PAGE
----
Trampolines are fun for kids to bounce on in the backyard. But they can be a problem when you buy homeowners insurance. Some carriers will consider them too risky for liability reasons, according to Suzanne Pagonis, vice president of HRH Brokerage, a Cranford insurance broker.
Homeowners should advise their agent so they can be placed with an insurance carrier that will not cancel their policy for having a trampoline, she said.
Liability is just one issue to consider when buying homeowners insurance, which is required if you take out a loan to purchase a new house. Existing homeowners also should update their policies whenever they acquire something valuable that will be stored inside their house, Pagonis said.
Every year, you should do an annual review of your policy, because you may have bought expensive jewelry for your wife or put an addition on your home, she said. You don’t want to be underinsured.
Following are some tips on buying insurance based on interviews with Pagonis and Harry Crossen, owner of the Crossen Agency in Chester.
Broker or direct insurer?
Companies that sell direct are fine for first-time buyers, but their product selection can be limited. Brokers can provide more choices, especially for expensive homes, because they work with various carriers.
Many companies put a 2 percent hurricane deductible on policies because of wind damage claims from previous years. On a policy with $500,000 of coverage, that would mean a $10,000 deductible. Most companies no longer write insurance on properties near tidal waters.
This type of policy pays the cost of rebuilding or repairing the home or replacing possessions without a deduction for depreciation. Figure on spending between $175 to $300 a square foot to rebuild your house, depending on its age and the type of construction. Ask for an insurance company appraiser to determine the
replacement value of the home, rather than use standard replacement-cost formulas tied to square footage.
Extended/guaranteed replacement cost
Companies such as Chubb, Firemen’s Fund and AIG offer policies with guaranteed replacement cost. which means they will pay whatever it costs to rebuild your home. Others provide extended replacement cost, which pays between 20 percent and 50 percent more than the limit of the policy to cover spikes in construction costs.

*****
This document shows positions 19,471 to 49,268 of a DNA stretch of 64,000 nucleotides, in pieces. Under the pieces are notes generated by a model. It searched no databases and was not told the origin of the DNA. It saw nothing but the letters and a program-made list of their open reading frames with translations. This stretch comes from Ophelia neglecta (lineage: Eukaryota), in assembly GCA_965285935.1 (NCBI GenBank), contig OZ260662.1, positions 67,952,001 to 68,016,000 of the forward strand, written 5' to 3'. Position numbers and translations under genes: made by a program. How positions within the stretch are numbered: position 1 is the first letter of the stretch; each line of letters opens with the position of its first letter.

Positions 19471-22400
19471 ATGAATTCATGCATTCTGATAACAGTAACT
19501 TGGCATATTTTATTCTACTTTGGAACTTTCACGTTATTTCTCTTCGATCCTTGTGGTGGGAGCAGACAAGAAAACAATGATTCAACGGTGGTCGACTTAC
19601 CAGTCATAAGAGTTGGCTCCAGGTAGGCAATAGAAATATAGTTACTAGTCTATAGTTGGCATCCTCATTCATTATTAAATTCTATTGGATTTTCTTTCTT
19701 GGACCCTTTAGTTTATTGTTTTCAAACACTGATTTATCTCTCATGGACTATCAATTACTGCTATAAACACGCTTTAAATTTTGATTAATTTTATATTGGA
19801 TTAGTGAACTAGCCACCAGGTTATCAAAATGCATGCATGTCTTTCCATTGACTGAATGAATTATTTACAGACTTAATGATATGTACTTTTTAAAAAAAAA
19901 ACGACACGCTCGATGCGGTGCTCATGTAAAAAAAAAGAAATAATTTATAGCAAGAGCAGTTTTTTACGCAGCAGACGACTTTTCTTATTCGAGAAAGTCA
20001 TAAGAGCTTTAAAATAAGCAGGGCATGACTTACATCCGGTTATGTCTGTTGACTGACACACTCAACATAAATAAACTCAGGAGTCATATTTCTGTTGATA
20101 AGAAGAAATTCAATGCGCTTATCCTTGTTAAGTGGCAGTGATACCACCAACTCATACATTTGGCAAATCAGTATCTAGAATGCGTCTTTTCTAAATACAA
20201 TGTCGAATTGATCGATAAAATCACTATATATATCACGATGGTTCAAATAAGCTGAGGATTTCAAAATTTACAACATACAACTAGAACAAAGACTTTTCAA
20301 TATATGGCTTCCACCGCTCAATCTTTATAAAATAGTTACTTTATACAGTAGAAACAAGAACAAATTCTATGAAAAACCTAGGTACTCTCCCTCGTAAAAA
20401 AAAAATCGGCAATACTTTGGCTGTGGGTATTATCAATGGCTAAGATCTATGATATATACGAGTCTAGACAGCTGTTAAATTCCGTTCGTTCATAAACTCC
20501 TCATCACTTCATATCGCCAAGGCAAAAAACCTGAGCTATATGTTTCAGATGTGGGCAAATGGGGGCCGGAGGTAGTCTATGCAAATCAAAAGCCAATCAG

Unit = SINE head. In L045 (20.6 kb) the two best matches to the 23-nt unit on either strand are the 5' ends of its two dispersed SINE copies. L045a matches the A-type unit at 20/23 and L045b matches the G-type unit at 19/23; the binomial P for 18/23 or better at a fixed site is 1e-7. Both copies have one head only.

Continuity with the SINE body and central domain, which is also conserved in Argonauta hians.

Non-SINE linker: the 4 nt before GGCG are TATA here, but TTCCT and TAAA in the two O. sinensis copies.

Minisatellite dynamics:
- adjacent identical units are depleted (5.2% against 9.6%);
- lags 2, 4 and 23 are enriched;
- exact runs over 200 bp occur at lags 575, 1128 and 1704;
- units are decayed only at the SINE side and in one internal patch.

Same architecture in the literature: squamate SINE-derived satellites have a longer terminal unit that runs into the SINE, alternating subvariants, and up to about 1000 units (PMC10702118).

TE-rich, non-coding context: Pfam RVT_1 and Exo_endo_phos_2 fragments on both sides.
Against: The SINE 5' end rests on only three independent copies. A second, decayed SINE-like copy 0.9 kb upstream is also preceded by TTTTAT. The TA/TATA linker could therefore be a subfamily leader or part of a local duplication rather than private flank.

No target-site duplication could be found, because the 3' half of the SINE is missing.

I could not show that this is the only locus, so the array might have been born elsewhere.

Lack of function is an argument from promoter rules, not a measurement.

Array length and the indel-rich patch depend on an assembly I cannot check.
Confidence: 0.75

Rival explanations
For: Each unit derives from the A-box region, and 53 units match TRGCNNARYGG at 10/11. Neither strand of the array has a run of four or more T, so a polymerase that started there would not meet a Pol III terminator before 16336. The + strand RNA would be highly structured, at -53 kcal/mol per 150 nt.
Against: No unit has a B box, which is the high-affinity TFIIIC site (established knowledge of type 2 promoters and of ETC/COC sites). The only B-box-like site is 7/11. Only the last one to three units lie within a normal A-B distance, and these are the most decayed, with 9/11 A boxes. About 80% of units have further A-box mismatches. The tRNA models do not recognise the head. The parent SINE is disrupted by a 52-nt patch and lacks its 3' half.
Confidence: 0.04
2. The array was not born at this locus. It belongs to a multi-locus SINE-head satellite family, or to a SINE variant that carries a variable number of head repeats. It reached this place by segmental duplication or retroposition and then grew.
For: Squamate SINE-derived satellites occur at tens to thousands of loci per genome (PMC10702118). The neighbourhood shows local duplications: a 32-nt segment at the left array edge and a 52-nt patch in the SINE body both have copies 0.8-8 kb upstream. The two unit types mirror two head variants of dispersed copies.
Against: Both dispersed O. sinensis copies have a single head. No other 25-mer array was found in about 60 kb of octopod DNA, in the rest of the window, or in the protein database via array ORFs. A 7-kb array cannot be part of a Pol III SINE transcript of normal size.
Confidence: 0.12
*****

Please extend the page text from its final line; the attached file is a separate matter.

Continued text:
Finding the right insurer
Check the financial stability of companies with A.M. Best at ambest.com. You want companies rated A or better. The Insurance Information Institute Web site. at iii.org/individuals/homei, also is a good resource.
Set a deductible of at least $1,000 to $2,500 to reduce the premium and deter you from filing small claims.
Take all risks coverage on the contents of your home. It costs more than named perils coverage, but allows for more flexibility in making claims. Under named perils coverage, you have to prove forced entry if your home is burglarized; under all risks, you only have to claim items disappeared. For about $20 more, you can add identity theft coverage .
Get coverage for water backup of sewers and drains as well as sump pump failure. You have to buy a separate policy for flood insurance.
If you have jewelry, antiques or a comic book collection, schedule them with a separate rider on the policy. Take photos and videos of major items in your house and keep them in a separate location, such as your office.
Consider an umbrella to cover you for liability above both your home and auto policies. This can protect your assets against major legal judgments. If a family member has a bad driving record, umbrella coverage may not be available. If you have a full-time nanny, make sure to add her to your policy.